Figure 1. Schematic experimental protocols of isolated rat hearts exposed to ischemia reperfusion.

2.5. Enzymes Activities Assays

At the end of the perfusions, coronary effluent and hearts were harvested, and then these samples were kept at liquid nitrogen for later analysis.

LDH and CK-MB were analyzed according to the instruction of the assay kits (Nanjing Jiancheng bioengineering Institute). For tissue analysis, weighed amounts of the frozen tissues were lyzed with Radio-Immunop- recipitation Assay (RIPA) buffer contain PMSF using tubular glass homogenate on the ice. These tissues were collected supernatants after centrifugation (IEC Micromax RF, Thermo Fisher Scientific, China).

2.6. Western Blotting

After the protein concentration was measured using the BCA protein assay kit (Beyotime biotechnology, China), equal amounts of protein lysate were denatured by boiling for 5 min in loading buffer and separated by a 12% and 15% SDS-PAGE separately, and then transferred to polyvinylidene fluoride (PVDF) membrane (Merck Millipore, USA). Next, the samples were incubated with Beclin-1 and LC3antibodies (1:1000 dilution, Proteintech Group Inc.) overnight. The samples were washed with Tris-buffered saline-Tween 20 (TBST) buffer for 15 min and then incubated with horseradish peroxidase (HRP)-conjugated antibodies (1:5000 dilution) at room temperature for 1.5 h. After being washed again with TBST buffer for 15 min, immunolabeled bands were detected using an ECL kit. β-actin was assayed as loading controls. The blots were scanned using an Epson Photo Scanner. Finally, data analysis was performed with QuantiScan by measuring the densities of immunoreactive bands.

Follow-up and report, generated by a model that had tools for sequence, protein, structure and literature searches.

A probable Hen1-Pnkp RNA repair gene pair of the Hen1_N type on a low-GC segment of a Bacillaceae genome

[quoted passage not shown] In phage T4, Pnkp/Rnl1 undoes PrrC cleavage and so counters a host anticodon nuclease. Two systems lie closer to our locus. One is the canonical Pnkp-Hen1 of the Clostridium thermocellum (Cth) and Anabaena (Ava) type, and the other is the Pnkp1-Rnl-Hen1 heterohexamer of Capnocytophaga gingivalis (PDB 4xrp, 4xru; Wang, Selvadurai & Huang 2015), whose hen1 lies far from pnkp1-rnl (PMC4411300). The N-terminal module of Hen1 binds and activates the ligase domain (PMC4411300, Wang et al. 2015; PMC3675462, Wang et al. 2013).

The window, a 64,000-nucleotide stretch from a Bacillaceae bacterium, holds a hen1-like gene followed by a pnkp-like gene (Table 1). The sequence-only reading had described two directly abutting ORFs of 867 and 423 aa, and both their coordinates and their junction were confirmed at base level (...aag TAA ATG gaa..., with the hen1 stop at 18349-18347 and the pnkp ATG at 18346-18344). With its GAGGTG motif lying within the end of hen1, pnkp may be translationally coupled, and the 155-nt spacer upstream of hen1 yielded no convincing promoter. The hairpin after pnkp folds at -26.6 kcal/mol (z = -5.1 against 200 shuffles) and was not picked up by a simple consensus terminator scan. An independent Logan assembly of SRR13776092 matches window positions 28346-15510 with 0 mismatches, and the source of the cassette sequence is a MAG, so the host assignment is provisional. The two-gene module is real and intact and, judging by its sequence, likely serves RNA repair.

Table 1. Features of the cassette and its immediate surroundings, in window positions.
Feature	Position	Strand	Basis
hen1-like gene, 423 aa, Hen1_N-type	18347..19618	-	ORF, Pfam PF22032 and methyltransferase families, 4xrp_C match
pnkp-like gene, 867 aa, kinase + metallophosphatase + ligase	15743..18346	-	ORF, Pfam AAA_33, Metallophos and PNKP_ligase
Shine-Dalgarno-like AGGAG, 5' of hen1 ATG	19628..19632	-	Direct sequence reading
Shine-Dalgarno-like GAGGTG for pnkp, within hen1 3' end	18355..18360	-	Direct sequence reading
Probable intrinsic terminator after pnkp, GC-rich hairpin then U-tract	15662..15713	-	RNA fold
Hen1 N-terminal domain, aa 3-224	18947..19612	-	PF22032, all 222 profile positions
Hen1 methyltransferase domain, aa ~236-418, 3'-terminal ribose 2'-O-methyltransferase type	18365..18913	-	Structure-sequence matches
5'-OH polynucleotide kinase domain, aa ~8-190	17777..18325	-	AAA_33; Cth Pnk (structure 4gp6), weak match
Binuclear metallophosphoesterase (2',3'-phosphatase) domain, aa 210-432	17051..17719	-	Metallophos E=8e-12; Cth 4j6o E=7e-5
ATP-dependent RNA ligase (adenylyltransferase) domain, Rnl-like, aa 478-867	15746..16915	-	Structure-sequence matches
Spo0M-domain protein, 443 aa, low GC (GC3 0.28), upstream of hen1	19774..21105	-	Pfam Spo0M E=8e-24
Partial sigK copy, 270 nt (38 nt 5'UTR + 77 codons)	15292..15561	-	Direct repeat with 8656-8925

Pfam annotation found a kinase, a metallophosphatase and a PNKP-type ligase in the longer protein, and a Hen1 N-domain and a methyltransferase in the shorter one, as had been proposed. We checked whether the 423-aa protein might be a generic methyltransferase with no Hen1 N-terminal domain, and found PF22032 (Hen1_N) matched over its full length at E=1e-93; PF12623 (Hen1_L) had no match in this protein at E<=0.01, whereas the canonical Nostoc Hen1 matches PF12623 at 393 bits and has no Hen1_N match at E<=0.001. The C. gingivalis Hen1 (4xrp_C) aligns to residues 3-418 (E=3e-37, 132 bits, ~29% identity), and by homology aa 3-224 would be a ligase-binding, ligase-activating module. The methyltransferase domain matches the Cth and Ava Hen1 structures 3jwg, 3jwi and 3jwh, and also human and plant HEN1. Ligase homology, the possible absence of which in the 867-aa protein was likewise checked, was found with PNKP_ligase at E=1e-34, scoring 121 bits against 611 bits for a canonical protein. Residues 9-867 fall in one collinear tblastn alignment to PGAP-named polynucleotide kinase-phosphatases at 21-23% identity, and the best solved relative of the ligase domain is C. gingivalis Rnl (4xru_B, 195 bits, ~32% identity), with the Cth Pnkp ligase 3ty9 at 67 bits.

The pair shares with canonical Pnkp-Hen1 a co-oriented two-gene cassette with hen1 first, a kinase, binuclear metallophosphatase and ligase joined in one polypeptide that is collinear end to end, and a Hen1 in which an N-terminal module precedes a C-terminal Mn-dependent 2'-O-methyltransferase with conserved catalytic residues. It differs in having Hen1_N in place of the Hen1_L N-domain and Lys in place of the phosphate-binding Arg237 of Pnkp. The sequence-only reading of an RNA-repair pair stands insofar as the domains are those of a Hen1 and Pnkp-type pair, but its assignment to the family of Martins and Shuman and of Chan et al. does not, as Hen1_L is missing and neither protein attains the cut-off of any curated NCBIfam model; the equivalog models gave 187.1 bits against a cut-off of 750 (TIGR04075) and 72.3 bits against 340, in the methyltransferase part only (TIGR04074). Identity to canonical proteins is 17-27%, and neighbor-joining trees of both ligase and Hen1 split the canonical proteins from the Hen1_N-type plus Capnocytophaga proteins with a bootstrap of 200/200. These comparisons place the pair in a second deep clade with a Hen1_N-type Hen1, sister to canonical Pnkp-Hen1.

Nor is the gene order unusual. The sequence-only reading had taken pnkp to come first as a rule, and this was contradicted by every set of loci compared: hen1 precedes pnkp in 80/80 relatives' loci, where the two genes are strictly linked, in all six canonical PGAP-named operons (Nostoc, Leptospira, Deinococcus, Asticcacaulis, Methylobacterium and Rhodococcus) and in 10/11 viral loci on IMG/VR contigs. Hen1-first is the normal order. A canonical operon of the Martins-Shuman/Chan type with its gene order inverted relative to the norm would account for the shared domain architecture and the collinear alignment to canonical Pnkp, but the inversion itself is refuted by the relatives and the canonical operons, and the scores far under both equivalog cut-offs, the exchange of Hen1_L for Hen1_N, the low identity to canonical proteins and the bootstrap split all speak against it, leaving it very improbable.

2.7. Data Analysis

All values are expressed as mean ± standard deviation (SD) and were tested by one-way analysis of variance (ANOVA) using SPSS software, version 19.0 (Chicago, IL, USA). A value of P < 0.05 was considered to be statistically significant.

3. Results

3.1. Determination of the PESB by HPLC Analysis

The HPLC-DAD method developed for this study achieved an appropriate separation among the standards. HPLC profile of chromatograms was recorded at 278 nm for all fractions are shown in Figure 2. The chromatographic peaks of the analytes were confirmed by comparing their retention time with those of the standards. Chemical analysis of PESB by HPLC revealed the presence of the following compounds: gallic acid, proto catechuic acid, (+)-catechin, caffeic acid, chlorogenic acid, ferulic acid, p-coumaric acid, salicylic acid, cinnamic acid, quercetin, phlorizin, rutin, kaempferol and isorhamnetin. Our results show that the ingredients of the extracts including phenolic compounds (phenolic acids and flavonoids) and some other impurities.